Wrangell student gets engineering experience at ANSEP camp
Earlier this month a Wrangell youth was among four-dozen Alaskan students to put their math and science skills to the test in Anchorage.
Seventh-grader Rowen Wiederspohn was accepted into the ExxonMobil Bernard Harris Summer Science Camp put on each year by the Alaska Native Science and Engineering Program (ANSEP). Hosted by the University of Alaska Anchorage, the two-week, all expenses paid, summer program focuses on honing young Alaskans' science, technology, engineering and mathematics (STEM) skills, through a variety of workshops and special projects.
"It was good," said Wiederspohn, who was drawn to the program by his interest in someday becoming an engineer.
One of the keynote projects students were engaged in was the Mars Lander Challenge, where they used household materials to construct a spacecraft capable of absorbing shock from a planetary landing. Students also got to meet veteran astronaut Bernard Harris Jr., who related his journey as the first African American to walk in space and the extreme elements he encountered during his two shuttle missions in 1993 and 1995.
He started the Harris Foundation after his retirement in 1998, and the organization has invested in community-based initiatives to support education, health and wealth. The annual summer camp was started in 2005 as part of a partnership between Harris' and ExxonMobile's philanthropic foundations.
Among the other projects and competitions he and 47 other students took part in, Wiederspohn and two teammates took first place in a bridge-building competition. The parameters of the structure's design were that it had to be constructed of balsa wood, and span at least 55 centimeters but be no more than 75 cm long.
Wiederspohn explained his team decided to keep their bridge as small and compact as possible, in order to maximize the strength-to-weight ratio of its materials.
"If it was too heavy it wouldn't be able to hold very much," he reasoned. "We did a Warren bridge design," which lays out the trusses into equilateral triangles in order to spread out the load being borne by the bridge. The tried and true design can often be spotted in railroad bridges across the world.
"My team won at 45 pounds," Wiederspohn recalled.
The students also learned how to use global positioning systems in the field, and how to construct a building which would better be able to stand through an earthquake. Students were guided along in such exercises by engineering professionals and ANSEP instructors.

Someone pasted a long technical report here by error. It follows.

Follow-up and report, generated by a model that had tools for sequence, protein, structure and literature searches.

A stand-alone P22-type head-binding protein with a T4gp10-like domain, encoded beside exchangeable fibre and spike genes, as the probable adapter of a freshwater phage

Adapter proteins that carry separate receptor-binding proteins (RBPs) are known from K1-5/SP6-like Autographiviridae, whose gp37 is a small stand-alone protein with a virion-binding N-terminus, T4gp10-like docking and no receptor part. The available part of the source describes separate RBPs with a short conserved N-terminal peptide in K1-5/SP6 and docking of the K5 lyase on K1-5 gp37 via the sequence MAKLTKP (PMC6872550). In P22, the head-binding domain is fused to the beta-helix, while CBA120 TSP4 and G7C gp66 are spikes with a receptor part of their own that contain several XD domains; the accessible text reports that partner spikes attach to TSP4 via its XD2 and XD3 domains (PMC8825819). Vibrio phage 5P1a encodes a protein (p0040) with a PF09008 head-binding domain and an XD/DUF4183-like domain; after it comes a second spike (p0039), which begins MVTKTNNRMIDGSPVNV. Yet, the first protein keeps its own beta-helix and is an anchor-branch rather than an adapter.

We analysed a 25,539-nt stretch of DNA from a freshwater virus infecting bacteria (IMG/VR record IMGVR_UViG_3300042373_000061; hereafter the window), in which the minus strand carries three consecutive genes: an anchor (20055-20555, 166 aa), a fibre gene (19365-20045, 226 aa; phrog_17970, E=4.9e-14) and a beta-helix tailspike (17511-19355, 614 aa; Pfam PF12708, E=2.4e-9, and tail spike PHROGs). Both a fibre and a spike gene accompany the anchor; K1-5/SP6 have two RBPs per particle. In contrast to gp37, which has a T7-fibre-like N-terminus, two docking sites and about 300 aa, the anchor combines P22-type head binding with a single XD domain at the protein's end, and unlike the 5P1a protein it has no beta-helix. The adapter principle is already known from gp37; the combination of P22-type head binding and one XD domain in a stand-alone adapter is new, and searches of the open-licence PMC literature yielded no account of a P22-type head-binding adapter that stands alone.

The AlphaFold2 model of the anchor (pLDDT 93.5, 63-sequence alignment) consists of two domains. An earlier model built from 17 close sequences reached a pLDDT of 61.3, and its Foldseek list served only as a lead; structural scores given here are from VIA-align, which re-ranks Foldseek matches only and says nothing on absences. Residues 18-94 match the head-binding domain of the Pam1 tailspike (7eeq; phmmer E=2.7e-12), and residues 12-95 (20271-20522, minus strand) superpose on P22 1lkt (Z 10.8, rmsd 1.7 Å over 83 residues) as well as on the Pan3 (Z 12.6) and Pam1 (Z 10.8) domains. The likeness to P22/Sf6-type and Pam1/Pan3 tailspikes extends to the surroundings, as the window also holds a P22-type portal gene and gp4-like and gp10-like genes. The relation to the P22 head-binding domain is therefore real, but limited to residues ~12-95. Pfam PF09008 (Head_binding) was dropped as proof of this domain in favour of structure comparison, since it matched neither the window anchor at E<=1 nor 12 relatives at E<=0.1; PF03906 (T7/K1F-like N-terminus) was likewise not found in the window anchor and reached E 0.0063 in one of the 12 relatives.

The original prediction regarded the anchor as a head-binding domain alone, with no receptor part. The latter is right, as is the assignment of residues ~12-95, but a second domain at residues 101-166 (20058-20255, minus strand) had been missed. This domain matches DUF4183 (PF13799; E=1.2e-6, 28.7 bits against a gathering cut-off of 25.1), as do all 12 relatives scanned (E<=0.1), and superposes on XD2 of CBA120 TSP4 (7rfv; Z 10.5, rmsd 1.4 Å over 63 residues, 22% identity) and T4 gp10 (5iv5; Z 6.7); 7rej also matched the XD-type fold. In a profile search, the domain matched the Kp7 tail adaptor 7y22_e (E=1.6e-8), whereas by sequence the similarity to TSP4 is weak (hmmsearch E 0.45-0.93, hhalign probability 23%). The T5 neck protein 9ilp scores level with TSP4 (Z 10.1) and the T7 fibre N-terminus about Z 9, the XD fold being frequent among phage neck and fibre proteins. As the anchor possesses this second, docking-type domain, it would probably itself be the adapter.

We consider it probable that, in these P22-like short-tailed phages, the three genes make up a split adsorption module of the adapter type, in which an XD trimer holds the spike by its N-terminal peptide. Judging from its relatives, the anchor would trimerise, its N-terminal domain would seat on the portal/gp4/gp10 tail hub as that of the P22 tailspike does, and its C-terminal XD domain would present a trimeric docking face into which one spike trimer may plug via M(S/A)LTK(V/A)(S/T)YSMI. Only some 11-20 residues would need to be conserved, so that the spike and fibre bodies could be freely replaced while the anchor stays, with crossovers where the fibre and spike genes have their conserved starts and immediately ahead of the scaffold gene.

Wiederspohn said an ExxonMobile engineer helped walk him through the earthquake simulation, helping him to tread the fine line between rigidity and flexibility his construction would need. Built from K'NEX components, the students' structures were put to the test on a shake table.
The Wrangell student said the experience has solidified his desire to pursue engineering as a profession, an interest he has had for several years. At home, he has enjoyed constructing projects in his spare time, be it with Legos or with the game Minecraft on the computer.
"You should see the stuff he builds, he builds worlds," commented Wiederspohn's father, Lee.
Now that the younger Wiederspohn has been admitted into the ANSEP program he was excited to say he will be invited to attend such camps every summer until he graduates.
"Through hands-on activities, such as building robots and testing spacecraft, students are able to see how science, technology, engineering and math integrate with daily life," Harris said in an accompanying release.
Partnering with the Harris Foundation and ExxonMobile on this particular camp for the past seven of its 11 years, ANSEP is part of the University of Alaska system. Its goal is to improve enrollment numbers and hiring patterns for Alaska Natives in STEM career fields, through such hands-on extracurricular programming and professional mentoring.
In 2015, the organization launched the ANSEP STEM Teacher certification program to further remedy the state's rural education issues by supporting students pursuing STEM-related teaching certificates. ANSEP plans to place one ANSEP STEM Teacher in every Alaskan village by 2025.
The program has also this year launched a year-round acceleration academy in the Matanuska-Susitna area, and has expressed interest in possibly locating a residential, sister academy at Wrangell's former Institute property. The proposed campus would become home to between 400 and 450 students from around the state, and would prioritize education toward STEM-related fields.
Last month the Wrangell Borough Assembly approved formation of a steering committee to track the program's process and potential development of a residential campus. On the committee, Assembly member David Powell said he and the committee chair, school superintendent Patrick Mayer, would be headed to Anchorage today in order to see ANSEP's activities firsthand.